“Gifts for the Savior,” Ensign, Dec. 1997, 58–59
One December we gathered our family together for a family meeting. We asked our 11-year-old son how it would be if on his birthday the family members gave presents to everyone but him. He didn’t like that idea at all. We went on to ask if there was a holiday when we gave gifts to others but not to the person whose birthday we were celebrating. It didn’t take the children long to realize we were talking about Christmas. That year, however, we wanted to make Christmas more meaningful by giving gifts to the Savior, whose birthday we were celebrating.
Three-year-old Laralyn headed to her room and returned carrying her favorite doll. “Daddy, could I give my dolly to Jesus?” she asked. We explained that the Savior knew of her willingness to give him her most prized possession and that he would want her to take care of the dolly for him. She was delighted and said, “I love giving gifts to Jesus!”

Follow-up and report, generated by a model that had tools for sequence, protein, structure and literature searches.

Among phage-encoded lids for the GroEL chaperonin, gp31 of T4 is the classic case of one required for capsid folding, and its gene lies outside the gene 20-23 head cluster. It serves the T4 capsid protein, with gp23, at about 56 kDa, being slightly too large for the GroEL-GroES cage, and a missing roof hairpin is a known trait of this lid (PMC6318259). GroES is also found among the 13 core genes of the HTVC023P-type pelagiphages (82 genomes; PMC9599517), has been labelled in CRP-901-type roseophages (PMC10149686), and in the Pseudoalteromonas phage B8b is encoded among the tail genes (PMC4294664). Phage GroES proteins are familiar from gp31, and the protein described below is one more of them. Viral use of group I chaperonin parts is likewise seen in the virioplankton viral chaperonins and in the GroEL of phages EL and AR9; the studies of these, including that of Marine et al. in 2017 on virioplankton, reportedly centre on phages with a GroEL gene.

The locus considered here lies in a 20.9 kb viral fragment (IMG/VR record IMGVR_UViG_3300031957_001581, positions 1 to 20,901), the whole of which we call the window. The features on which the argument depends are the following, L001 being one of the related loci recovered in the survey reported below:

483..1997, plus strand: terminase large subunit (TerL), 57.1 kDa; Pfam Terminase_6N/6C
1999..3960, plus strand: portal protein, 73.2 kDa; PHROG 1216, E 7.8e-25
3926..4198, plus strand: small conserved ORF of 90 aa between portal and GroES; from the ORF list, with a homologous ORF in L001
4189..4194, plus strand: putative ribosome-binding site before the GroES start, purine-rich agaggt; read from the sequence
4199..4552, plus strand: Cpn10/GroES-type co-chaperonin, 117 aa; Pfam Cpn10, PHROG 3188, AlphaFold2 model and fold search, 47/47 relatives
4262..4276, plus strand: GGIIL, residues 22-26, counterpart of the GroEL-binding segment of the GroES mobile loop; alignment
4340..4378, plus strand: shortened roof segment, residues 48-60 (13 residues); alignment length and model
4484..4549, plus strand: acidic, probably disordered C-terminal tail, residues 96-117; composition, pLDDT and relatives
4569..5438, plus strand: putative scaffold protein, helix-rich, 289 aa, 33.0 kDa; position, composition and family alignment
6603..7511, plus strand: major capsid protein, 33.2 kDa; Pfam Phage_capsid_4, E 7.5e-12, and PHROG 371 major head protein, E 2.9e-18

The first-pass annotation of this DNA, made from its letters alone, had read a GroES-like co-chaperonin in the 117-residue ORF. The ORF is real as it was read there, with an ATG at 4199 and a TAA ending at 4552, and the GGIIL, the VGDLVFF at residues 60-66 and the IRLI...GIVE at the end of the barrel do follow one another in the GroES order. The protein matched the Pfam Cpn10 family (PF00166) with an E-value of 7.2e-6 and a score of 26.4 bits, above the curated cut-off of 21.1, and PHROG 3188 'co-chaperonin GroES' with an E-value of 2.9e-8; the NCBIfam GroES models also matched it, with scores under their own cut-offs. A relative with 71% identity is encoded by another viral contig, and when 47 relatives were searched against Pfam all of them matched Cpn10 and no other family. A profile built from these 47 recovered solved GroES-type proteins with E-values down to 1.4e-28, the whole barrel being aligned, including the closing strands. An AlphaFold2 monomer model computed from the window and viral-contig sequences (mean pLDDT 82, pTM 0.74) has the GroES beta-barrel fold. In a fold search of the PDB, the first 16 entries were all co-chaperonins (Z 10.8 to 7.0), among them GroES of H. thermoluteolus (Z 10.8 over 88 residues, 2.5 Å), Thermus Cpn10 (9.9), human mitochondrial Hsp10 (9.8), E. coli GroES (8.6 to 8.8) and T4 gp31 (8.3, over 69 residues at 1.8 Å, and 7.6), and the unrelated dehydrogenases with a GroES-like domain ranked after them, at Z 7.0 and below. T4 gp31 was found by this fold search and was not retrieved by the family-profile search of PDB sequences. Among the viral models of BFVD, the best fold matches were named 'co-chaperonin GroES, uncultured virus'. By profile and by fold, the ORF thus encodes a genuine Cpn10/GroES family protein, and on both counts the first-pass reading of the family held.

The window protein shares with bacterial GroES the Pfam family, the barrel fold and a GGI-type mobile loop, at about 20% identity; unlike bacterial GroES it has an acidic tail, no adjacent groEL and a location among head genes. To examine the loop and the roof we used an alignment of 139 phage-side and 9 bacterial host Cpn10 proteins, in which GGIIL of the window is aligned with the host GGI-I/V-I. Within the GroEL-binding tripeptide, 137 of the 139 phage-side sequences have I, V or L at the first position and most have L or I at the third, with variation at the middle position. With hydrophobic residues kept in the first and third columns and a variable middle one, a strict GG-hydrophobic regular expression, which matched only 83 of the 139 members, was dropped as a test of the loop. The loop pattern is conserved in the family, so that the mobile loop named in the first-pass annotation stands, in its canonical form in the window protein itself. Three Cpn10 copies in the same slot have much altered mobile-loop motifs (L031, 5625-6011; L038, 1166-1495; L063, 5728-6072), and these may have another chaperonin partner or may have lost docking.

By now our older children had become more reflective. What could they give the Savior? We discussed what he would want. We talked about how he had paid for our sins and wanted us to give them up. We talked about how he would want us to give of ourselves through service and sharing our talents. Gifts could also include being more obedient in such areas as journal writing, scripture reading, and keeping the commandments.
We put a little white box on the fireplace mantle and asked our family members to write their gifts on slips of paper and place the slips in the box. Then we explained that on Christmas morning, before all of the other gifts were opened, we would have family prayer and then share with each other the gifts we were giving to the Savior for the coming year.
As the years have come and gone, the tradition of the white box has helped our family focus on the real meaning of Christmas and on our love and gratitude for the Savior.—Scott and Angelle Anderson, Bluffdale, Utah